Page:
MANAGING FOR RESULTS

Dr. Dana WestA Conversation with Dr. Dana West, Seven Years as Principal
Estacado Junior High School, Plainview, Texas

THE BREAKTHROUGH COACH: What was your experience before you came to Estacado?

DR. WEST: I came to education by chance, really. I married very young and knew I needed a career, but had no idea what I wanted to do. My husband suggested I try teaching, and it seemed like a good idea. I went to Wayland Baptist University, received a B.A. in Elementary Education and English, and an M.A. in Mid-Management. In 2000, I earned an Ed.D. in Educational Leadership from Texas Tech.

TBC: It sounds as though you found your calling.

DW: Oh, yes! I loved it! I taught for five years, spent four years as a middle school instructional coordinator, then returned to my own alma mater – Plainview High School – as an assistant principal. After two years there, I became principal of Estacado Junior High School.

TBC: You brought a lot of experience to your new position. What challenges did you face?

DW: Estacado was a single grade campus with a large number of economically disadvantaged students. Test scores were low, and there were no broad strategies in place to deal with that. I set out to prove that economic disadvantage did not have to equal low achievement. I began to see some positive results, but I felt that everything had to come from me – there was no organizationally-based approach to turning things around.

TBC: What brought you to TBC’s 2-Day Program?

DW: After four years as principal, I was nearly burned out, trying to do everything that I thought needed doing. I had no time anymore to do what I loved – educating kids. My staff needed a leader, and I wasn’t leading – just moving paper. In short, I felt I wasn’t making as much difference as I could.

TBC: Was there a specific point in the two days when TBC’s methodology began to resonate with you?

DW: Frankly, I was skeptical from start to finish. But I had invested the two days so I thought to myself, “Why not give this a try? What do I have to lose?”

TBC: What happened?

DW: I went back to my building and gradually began to implement the changes Malachi had suggested. It was amazing! I had so much more time to spend in classrooms! Once you’re out and about, you see so many little things and they all add up.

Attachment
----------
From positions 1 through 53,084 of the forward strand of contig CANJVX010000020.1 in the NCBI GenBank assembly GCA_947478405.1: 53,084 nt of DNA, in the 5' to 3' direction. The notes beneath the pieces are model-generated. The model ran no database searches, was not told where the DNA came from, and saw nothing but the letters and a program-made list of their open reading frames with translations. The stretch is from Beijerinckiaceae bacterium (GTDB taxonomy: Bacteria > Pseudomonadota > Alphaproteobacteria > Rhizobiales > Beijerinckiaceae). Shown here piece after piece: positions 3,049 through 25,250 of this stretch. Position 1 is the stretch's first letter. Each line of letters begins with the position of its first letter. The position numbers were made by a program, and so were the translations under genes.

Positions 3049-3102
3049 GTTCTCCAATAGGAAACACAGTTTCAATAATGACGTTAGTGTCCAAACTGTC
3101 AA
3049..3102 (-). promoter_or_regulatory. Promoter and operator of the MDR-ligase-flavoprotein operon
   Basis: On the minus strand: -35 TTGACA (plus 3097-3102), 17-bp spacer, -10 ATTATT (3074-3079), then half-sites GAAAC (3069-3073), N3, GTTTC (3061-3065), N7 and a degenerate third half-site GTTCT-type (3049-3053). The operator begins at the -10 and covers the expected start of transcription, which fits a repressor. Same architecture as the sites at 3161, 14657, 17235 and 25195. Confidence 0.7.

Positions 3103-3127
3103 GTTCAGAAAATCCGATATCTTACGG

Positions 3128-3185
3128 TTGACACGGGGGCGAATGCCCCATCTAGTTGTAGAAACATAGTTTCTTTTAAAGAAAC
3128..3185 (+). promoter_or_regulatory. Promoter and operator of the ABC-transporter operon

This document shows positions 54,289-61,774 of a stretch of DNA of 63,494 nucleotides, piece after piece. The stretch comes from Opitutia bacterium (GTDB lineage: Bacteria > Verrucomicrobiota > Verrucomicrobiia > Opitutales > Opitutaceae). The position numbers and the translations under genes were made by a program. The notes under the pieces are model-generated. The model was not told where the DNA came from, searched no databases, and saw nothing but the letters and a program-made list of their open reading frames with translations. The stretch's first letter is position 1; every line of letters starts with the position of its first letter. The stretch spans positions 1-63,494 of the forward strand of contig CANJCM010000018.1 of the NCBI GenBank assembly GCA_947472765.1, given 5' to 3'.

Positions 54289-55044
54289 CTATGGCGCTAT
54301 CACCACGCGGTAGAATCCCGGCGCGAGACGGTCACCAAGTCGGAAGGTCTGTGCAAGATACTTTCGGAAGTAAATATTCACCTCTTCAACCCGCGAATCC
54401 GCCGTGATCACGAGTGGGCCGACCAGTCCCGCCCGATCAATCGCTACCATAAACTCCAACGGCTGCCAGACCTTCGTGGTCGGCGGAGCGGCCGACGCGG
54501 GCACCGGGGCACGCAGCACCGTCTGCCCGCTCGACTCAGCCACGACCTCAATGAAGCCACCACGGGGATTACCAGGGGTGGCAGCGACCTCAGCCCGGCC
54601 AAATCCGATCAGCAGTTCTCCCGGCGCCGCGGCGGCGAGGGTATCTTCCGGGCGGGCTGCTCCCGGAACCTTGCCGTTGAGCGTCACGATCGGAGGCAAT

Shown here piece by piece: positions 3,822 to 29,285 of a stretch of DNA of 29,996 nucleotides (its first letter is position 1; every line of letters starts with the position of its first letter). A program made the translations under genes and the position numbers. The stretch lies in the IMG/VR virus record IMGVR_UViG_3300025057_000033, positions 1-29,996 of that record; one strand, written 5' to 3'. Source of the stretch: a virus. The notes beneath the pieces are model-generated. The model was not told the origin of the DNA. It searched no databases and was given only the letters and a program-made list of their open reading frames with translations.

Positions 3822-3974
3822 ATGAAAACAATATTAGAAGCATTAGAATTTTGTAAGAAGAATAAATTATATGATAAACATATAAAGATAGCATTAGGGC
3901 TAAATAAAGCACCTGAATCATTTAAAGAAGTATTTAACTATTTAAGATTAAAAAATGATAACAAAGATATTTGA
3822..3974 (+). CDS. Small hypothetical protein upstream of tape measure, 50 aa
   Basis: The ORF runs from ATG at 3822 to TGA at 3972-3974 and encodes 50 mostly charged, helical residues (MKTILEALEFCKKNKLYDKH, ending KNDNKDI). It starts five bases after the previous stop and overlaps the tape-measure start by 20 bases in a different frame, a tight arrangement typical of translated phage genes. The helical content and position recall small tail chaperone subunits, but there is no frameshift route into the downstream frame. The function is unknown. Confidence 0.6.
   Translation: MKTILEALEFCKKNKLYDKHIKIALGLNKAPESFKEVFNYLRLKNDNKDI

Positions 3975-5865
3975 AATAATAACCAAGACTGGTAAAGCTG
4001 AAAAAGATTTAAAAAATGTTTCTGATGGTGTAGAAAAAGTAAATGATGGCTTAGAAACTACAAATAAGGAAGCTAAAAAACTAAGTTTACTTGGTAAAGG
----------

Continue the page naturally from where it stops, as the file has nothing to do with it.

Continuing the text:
For example: when a parent dropped off something for a student, our standard procedure was to send someone to the classroom, bring the student to the office to claim the item, and escort him or her back to the classroom. I never noticed that until I began to spend time in classrooms and realized how disruptive it was. So, we immediately revamped this process and now it’s much simpler all the way around. And – most important – the student doesn’t miss any instructional time.

Such a small thing, but, taken all together, those small things make a big difference! You just aren’t aware of what’s happening in your building when you spend all of your time in your office.

TBC: You have extensive academic training in educational leadership. How does TBC’s approach differ from the academic approach?

DW: Academic programs emphasize talking, reading, writing and research. TBC’s practices are applied and designed to produce quantifiable results. It’s a matter of theory vs. practice – the difference between understanding and doing. In my new position as principal of Travis Middle School in Amarillo, I have four assistant principals, and I’m developing each of them using TBC’s methodology.

TBC: You mentioned quantifiable results. Can you cite some for Estacado?

DW: In Texas, “Exemplary” is the highest rating a school can achieve. TBC allowed me the time to focus on what I considered the four elements necessary to achieve that: Curriculum, Instruction, Assessment, and Intervention.

In 2008, after two years of practice with TBC’s organizational model, 94% of our students scored Exemplary in Math – an increase of nearly 30% over 2005-06!

back to case studies